We Might Not Be Able to Use Martian Water After All
Remember those dark streaks NASA's Mars Reconnaissance Orbiter spotted running down canyons and hillsides on the red planet? They indicated the presence of water, which was a cause for celebration, as having water on Mars means astronauts won't have to carry as much when they visit. Unfortunately, a new study says the planet's water might not be drinkable. Worse, it might not even exist. A team of scientists from the University of Arizona looked more closely into those dark streaks called "recurrent slope linae" or RSL in an effort to figure out their origin.
Some scientists think they're caused by melting ice, but the new study rules that out. Most RSLs are located near the planet's equator, and any ice in those locations would have melted long ago. If the water that causes those RSLs come from underground, though, the team believes it would be buried really deep beneath the surface. That would make it hard to get to and would mean it's too salty -- we can't drink it, just as we can't drink water from the Dead Sea.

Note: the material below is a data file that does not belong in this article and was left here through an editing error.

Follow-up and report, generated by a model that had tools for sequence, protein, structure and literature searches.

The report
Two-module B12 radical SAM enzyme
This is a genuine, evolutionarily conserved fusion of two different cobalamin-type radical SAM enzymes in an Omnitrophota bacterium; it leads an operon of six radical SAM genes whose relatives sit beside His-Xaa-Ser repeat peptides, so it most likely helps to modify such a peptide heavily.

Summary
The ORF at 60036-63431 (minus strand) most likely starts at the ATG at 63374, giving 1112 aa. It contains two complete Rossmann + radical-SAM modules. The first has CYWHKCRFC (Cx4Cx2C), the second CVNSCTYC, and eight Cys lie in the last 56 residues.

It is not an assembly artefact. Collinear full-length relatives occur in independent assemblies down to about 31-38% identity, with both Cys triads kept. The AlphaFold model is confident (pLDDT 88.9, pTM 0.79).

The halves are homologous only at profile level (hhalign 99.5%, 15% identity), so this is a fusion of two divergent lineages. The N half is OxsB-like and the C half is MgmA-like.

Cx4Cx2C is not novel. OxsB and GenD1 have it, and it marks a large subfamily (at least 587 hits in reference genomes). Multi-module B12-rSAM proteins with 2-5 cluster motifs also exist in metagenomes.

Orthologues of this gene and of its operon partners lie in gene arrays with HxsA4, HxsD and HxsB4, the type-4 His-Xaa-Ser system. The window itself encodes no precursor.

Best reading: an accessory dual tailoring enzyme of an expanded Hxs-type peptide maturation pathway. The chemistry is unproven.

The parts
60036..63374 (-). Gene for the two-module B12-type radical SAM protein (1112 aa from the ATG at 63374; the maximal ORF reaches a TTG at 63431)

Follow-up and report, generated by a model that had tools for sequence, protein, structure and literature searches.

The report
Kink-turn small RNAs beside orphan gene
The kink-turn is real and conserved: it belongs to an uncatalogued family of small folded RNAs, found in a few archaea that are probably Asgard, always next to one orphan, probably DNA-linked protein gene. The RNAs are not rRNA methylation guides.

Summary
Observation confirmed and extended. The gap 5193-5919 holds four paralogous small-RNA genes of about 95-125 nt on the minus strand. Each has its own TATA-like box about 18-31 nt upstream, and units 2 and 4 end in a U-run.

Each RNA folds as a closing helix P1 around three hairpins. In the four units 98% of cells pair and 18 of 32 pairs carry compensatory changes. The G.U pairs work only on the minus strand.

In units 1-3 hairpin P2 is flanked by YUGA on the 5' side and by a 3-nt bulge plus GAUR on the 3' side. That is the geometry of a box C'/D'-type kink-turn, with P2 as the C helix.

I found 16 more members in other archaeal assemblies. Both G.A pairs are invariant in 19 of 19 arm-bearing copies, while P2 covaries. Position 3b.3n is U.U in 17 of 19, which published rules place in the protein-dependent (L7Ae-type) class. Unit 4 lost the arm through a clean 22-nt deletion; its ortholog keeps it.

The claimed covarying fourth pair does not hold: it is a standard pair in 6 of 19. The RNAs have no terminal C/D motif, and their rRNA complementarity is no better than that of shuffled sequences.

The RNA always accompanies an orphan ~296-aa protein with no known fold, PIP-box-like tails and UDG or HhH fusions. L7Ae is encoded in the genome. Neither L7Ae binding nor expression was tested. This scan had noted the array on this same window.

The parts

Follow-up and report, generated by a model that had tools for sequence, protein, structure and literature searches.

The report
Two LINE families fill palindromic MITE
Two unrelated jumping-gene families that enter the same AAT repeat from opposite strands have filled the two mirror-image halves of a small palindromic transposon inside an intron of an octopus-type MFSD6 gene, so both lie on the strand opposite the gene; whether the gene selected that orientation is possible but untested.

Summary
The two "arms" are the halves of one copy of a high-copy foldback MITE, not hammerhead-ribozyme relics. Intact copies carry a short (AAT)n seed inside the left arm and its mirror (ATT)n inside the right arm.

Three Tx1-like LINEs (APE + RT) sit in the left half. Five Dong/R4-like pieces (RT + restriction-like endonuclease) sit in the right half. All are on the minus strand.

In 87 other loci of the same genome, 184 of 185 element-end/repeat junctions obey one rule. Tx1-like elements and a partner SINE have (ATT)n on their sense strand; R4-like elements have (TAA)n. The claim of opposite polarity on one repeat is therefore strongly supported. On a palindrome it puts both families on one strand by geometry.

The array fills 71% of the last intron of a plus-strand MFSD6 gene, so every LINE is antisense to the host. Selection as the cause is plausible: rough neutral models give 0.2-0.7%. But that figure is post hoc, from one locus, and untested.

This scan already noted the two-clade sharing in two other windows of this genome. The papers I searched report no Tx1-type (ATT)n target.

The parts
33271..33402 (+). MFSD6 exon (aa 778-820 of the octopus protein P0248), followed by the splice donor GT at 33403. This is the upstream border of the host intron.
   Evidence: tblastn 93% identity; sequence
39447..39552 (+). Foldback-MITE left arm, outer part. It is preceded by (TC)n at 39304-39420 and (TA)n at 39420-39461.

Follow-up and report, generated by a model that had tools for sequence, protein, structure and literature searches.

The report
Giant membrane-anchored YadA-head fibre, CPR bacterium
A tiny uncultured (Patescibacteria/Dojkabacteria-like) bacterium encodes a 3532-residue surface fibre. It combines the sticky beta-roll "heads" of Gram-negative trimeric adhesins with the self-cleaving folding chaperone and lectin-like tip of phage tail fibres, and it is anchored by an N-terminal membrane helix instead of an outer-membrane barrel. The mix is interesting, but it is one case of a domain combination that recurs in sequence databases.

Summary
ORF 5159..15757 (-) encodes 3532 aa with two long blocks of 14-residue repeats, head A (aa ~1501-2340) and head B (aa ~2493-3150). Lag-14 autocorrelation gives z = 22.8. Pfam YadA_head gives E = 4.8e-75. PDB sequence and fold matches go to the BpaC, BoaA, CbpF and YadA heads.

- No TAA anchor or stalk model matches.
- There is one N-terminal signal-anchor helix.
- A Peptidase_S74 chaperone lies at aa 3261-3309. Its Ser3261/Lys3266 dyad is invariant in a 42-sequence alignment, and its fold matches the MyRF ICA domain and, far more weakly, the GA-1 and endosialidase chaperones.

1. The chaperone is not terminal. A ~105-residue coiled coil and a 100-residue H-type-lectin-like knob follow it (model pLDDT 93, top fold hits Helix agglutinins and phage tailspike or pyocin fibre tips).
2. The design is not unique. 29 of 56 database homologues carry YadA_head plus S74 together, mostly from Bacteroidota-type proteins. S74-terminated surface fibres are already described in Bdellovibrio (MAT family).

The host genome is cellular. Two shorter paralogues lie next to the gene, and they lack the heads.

Based on the data they have, however, the team has concluded that the most likely source of water causing those RSLs is the atmosphere. It's possible that the air in Martian canyons could be extremely humid, enough to transfer water to the ground. But if that's still not the RSLs' water source, then those dark streaks might be nothing but dry flows, landslides caused by changes in temperature. That would make water in those areas non-existent, crushing NASA's dreams of being able to harness local water for the first humans on the red planet.
While sending a rover over could contaminate any water present in those canyons, NASA already announced in June that Curiosity will be driving to those canyons make its own investigation. That said, various research teams are still suggesting different ways to look at them more closely, including recreating the dark streaks here on Earth or sending over gliders to look at them from above.